Elizabeth A Babcock

Associate Professor

Phone:
(305) 421-4852
Locator Code:
VK

 
About

Associate Professor, Department of Marine Biology and Ecology - Rosenstiel School of Marine and Atmospheric Science

I work on fisheries stock assessment and quantitative ecological modelling, with focal species including sharks, tunas, billfishes, sturgeons, conchs and lobsters. The use of innovative data sources and analysis methods to inform conservation and management of fisheries for which traditional fisheries data are lacking is a primary focus of my research, including Bayesian statistical analysis. I am interested in the interface between marine reserves and fishery management, for example at Glover’s Reef Marine Reserve, in Belize, where I have studied the effectiveness of the marine reserve for sharks, finfish, lobsters and conchs. I am interested using ecosystem models for management strategy evaluation of the implications of scientific uncertainty about fish biology on the effectiveness of spatial management strategies. My current students are involved in modeling fish movement with respect to spatial management strategies, and developing ecosystem models for ecosystem based management in the Gulf of Mexico.

Position and Research Expertise

Beth Babcock is an Associate Professor of Marine Biology and Ecology at the University of Miami’s Rosenstiel School of Marine and Atmospheric Science. She is an expert on fish population dynamics, quantitative ecology and fisheries management.

Teaching and Mentoring

Babcock teaches graduate course on introductory statistics, as well as Bayesian statistics for fisheries and ecology. She teaches an undergraduate course on Fisheries and Conservation Biology of the Galapagos as part of the UGalapagos undergraduate semester in the Galapagos. She is the RSMAS program director for the Living Marine Resources Cooperative Science Center (LMRCSC), a program funded by the NOAA Educational Partnership Program (EPP) to train students in NOAA-relevant sciences.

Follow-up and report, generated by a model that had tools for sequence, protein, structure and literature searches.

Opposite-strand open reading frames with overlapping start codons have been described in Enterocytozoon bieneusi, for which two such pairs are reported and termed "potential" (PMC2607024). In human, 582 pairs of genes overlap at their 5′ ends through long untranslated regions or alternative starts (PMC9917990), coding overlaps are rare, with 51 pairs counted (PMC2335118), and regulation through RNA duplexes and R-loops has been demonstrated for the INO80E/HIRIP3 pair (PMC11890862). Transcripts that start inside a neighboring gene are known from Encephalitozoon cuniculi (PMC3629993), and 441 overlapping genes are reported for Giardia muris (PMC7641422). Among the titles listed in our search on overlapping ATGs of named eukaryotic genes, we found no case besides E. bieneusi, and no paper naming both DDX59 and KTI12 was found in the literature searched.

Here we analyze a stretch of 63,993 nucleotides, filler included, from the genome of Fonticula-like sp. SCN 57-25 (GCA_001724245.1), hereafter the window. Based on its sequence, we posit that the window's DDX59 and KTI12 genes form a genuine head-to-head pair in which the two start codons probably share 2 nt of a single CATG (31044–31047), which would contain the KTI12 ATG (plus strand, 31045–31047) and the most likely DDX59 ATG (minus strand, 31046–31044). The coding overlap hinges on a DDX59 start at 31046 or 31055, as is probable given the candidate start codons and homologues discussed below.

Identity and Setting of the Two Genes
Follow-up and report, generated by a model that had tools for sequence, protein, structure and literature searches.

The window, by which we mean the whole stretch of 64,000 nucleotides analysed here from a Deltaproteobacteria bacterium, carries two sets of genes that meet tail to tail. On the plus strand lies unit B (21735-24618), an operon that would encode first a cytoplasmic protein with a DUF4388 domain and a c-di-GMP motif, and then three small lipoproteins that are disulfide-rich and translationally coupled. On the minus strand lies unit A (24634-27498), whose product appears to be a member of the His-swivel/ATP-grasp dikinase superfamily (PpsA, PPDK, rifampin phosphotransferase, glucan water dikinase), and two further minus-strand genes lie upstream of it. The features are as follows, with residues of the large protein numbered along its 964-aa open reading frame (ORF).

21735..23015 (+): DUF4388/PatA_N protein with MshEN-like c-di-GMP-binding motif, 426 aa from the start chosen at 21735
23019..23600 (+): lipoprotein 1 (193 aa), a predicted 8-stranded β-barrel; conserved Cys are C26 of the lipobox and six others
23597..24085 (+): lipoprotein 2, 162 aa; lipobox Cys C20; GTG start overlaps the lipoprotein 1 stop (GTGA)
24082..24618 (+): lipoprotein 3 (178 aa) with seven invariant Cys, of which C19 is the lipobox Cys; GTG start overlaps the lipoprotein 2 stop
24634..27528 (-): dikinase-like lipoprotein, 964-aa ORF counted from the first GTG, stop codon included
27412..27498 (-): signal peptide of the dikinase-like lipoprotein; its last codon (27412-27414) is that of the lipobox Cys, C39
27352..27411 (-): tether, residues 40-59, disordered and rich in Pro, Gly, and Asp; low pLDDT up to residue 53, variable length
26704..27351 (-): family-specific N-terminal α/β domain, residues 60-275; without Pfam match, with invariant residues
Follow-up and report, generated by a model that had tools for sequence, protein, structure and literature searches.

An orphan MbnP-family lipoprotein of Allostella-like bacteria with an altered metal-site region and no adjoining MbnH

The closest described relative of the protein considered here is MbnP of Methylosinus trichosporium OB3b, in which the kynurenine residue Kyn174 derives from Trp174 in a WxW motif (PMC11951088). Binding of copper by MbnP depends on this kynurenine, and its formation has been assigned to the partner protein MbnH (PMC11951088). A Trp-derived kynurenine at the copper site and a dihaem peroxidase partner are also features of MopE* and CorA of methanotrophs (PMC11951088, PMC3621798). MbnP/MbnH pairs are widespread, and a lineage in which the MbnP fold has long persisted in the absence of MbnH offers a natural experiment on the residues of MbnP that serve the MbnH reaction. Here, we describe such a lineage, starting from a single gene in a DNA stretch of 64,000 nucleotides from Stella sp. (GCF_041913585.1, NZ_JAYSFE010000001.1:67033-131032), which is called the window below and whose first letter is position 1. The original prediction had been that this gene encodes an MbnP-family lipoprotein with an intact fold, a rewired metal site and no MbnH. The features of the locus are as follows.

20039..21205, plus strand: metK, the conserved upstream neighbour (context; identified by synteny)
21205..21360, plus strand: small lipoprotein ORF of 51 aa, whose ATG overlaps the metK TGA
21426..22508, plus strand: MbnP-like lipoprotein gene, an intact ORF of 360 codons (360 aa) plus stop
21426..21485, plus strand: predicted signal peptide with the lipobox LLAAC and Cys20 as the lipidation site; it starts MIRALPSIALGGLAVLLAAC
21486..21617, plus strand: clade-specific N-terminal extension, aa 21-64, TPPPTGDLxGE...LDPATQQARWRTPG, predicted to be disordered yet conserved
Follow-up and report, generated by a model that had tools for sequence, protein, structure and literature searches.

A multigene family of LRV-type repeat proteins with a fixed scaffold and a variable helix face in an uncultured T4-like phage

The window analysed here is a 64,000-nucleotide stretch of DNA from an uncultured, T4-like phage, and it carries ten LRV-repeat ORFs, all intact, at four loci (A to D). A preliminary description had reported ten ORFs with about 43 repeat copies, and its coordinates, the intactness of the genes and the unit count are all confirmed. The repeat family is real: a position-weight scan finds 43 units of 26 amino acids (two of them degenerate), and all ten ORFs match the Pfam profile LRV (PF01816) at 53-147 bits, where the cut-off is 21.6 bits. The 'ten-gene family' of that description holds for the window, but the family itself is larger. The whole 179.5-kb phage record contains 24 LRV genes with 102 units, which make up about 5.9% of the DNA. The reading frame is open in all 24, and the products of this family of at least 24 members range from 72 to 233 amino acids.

Career

Education

1990B.A. Biology and Environmental Science, University of California
1998Ph.D. Fisheries Biology, University of Washington


Career Summary

Babcock received her undergraduate degree with a double major in Biology and Environmental Science from the University of California at Berkeley. She did her Ph.D. at the University of Washington School of Fisheries, with a dissertation on fishers’ choice of target species assemblage in the Oregon trawl fishery. She worked as a research scientist for the Wildlife Conservation Society’s Marine Conservation Program in New York for five years before joining the faculty of the University of Miami in 2003.


Career Summary

Babcock received her undergraduate degree with a double major in Biology and Environmental Science from the University of California at Berkeley. She did her Ph.D. at the University of Washington School of Fisheries, with a dissertation on fishers’ choice of target species assemblage in the Oregon trawl fishery. She worked as a research scientist for the Wildlife Conservation Society’s Marine Conservation Program in New York for five years before joining the faculty of the University of Miami in 2003.

Memberships

Service at UM and for the Wider Scientific Community
Babcock is a member of the Faculty Senate, and the director of the Marine Biology and Fisheries Academic Committee. 
Research

Scientific Research

Babcock’s research focuses on fisheries stock assessment and quantitative ecological modelling, with focal species including sharks, tunas, billfishes, sturgeons, conchs and lobsters. The use of innovative data sources and analysis methods to inform conservation and management of fisheries for which traditional fisheries data are lacking is a primary focus of her research, including Bayesian statistical analysis. She is interested in the interface between marine reserves and fishery management, for example at Glover’s Reef Marine Reserve, in Belize, where she has studied the effectiveness of the marine reserve for sharks, finfish, lobsters and conchs. She uses ecosystem models for management strategy evaluation of the implications of scientific uncertainty about fish biology on the effectiveness of spatial management strategies. Her current students are involved in modeling fish movement with respect to spatial management strategies, developing ecosystem models for ecosystem based management in the Gulf of Mexico, and using management strategy evaluation to infer the impacts of environmental variability on stock assessment and fishery management.